The North Carolina Board of Elections, on a 4-1 vote, certified the No Labels Party for a 2024 ballot position. The Tar Heel State is the tenth place to recognize No Labels. They join Alaska, Arizona, Arkansas, Colorado, Florida, Nevada, Oregon, South Dakota, and Utah as domains granting the minor party a ballot line. Though the aggregate number of qualified states is only 1/5 of the total number, No Labels can already have a major effect upon the presidential election outcome. Alaska, with their new Ranked Choice Voting system, Arizona, Nevada, and North Carolina are among the small group of swing states that will largely determine the next general election result.
Franklin & Marshall College, a Lancaster, PA institution that regularly polls the Keystone State, released their new small-sample Republican statewide survey (8/9-20; 723 PA registered voters; 297 Republican primary voters; live interview) and the results show a tightening presidential field when compared with most other states.
While former President Donald Trump still leads the group, his margin is becoming somewhat smaller. The F&M numbers find him commanding 39% support as compared to Gov. Ron DeSantis’ 21%. Businessman Vivek Ramaswamy is third with 9%, Sen. Tim Scott (R-SC) pulls 6%, and no other exceeds the 5% threshold.
Regular Michigan media pollster EPIC-MRA went into the field to test a potential open Michigan Senate general election between US Rep. Elissa Slotkin (D-Lansing) and former seven-term US Congressman Mike Rogers (R). The poll (8/6-11; 600 MI likely voters; live interview) sees Rep. Slotkin leading Mr. Rogers, 42-37%, which is similar to Emerson College’s Michigan poll (8/1-2; 1,121 MI registered voters; multiple sampling techniques) that found a 44-38% ballot test between the pair.
Both candidates are relatively unfamiliar to the statewide respondent sample. A total of 54% said they did not recognize Rep. Slotkin, and 72% responded in the same way when asked about Mr. Rogers. The latter man left office at the beginning of 2015. Ms. Slotkin was first elected to the House in 2018.
Public Opinion Strategies, polling for the Duty First Super PAC, an organization supporting candidate Sam Brown (R), released the result of their first Nevada Senate Republican primary survey (8/15-17; 500 NV likely Republican primary voters; live interview). The tally finds Mr. Brown, an Afghan War veteran, leading former state Assemblyman and frequent candidate Jim Marchant, 33-15%, with five other announced candidates failing to reach even the 3% support plateau.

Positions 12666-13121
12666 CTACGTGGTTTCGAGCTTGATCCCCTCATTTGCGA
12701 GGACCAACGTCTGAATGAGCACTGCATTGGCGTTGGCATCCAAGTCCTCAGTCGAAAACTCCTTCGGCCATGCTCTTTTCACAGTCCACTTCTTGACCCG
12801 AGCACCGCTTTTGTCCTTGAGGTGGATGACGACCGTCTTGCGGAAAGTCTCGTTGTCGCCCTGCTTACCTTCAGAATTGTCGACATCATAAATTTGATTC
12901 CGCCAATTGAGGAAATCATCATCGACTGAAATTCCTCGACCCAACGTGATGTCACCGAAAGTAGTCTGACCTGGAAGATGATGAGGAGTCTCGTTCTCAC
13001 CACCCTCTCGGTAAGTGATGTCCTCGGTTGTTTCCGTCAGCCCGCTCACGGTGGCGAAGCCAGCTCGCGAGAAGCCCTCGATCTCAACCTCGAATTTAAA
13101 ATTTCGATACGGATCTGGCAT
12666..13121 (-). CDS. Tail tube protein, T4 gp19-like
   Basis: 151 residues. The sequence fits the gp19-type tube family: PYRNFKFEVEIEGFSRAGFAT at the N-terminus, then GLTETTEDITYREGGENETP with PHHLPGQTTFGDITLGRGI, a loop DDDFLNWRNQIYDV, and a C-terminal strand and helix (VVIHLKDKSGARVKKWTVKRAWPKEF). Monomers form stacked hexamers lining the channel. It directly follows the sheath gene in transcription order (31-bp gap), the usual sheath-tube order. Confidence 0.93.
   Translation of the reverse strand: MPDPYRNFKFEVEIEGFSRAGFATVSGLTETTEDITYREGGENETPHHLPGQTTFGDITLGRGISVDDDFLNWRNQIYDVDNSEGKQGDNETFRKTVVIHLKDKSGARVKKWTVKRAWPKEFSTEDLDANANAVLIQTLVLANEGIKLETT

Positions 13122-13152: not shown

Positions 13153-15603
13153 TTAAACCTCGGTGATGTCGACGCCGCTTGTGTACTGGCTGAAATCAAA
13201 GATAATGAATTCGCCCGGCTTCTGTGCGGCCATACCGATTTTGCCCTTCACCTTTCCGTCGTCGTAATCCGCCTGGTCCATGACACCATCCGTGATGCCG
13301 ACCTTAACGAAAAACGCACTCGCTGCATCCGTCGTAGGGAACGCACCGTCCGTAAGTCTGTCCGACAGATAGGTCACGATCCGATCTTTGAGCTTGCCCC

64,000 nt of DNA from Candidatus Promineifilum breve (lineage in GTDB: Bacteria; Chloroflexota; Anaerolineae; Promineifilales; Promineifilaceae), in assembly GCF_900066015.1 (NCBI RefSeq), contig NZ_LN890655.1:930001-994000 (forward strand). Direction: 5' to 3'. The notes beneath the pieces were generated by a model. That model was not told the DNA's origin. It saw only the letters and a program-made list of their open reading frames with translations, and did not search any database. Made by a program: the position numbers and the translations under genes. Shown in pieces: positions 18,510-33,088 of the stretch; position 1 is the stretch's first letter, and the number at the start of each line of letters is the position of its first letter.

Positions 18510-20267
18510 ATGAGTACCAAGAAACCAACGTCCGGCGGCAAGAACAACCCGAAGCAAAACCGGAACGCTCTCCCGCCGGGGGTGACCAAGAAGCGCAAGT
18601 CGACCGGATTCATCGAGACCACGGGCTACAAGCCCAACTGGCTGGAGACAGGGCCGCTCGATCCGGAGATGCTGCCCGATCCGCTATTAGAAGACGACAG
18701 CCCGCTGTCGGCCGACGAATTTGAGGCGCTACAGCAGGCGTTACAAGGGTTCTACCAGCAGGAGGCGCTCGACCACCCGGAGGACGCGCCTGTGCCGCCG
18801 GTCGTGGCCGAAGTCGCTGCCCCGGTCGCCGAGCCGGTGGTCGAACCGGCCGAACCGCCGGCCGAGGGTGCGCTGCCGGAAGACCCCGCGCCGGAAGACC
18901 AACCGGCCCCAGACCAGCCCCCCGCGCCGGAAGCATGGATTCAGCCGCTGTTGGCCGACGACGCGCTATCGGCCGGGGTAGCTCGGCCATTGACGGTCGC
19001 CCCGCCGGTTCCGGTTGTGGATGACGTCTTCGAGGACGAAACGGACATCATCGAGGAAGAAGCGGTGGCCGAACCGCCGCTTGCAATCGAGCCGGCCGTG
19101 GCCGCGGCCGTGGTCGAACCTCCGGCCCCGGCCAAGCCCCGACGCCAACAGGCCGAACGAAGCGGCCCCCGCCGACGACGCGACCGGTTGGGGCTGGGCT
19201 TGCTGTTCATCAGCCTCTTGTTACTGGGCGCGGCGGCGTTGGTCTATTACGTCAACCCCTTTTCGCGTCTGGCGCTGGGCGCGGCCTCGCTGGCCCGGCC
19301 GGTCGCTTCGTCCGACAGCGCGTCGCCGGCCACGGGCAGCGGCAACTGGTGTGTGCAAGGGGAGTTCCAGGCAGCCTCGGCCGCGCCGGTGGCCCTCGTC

Mr. Brown, the 2022 US Senate candidate who raised over $4 million for his unsuccessful primary effort against former Attorney General Adam Laxalt and now has National Senate Republican Committee chairman Steve Daines’ endorsement, also leads in all segmentation divisions. Most importantly, of the respondents who are familiar with both Messrs. Brown and Marchant, the former leads the latter by a strong 59-21% cut.
The Nevada primary is scheduled for June 11, 2024. The eventual Republican nominee will challenge first-term Senator Jacky Rosen (D) in what promises to be a hotly contested general election campaign.
A Noble Predictive Insights survey conducted a month ago but just released just yesterday (7/7-18; 598 UT registered voters; 301 likely Republican primary voters; online) finds Utah Sen. Mitt Romney* drawing only 30% support among a respondent sample of his own Republican primary voters.
Despite the low preference number, Sen. Romney leads a group of potential GOP opponents. Closest to him is Attorney General Sean Reyes, an unannounced Senate candidate, who posted 13% support. The two official candidates, state House Speaker Brad Wilson (R-Kaysville) and Riverton Mayor Trent Staggs posted 5 & 3%, respectively. When asked of the entire sample whether they believe Sen. Romney should run for re-election, 39% answered affirmatively, while 44% replied with a negative response.
U.S. House of Representatives
California state Senator Melissa Hurtado (D-Sanger) who, in 2018, was the youngest woman elected to the Senate in state history (30 years old) but was re-elected by only a 13-vote margin last November, announced that she will enter the 22nd District congressional race. Previously, she had filed an exploratory committee.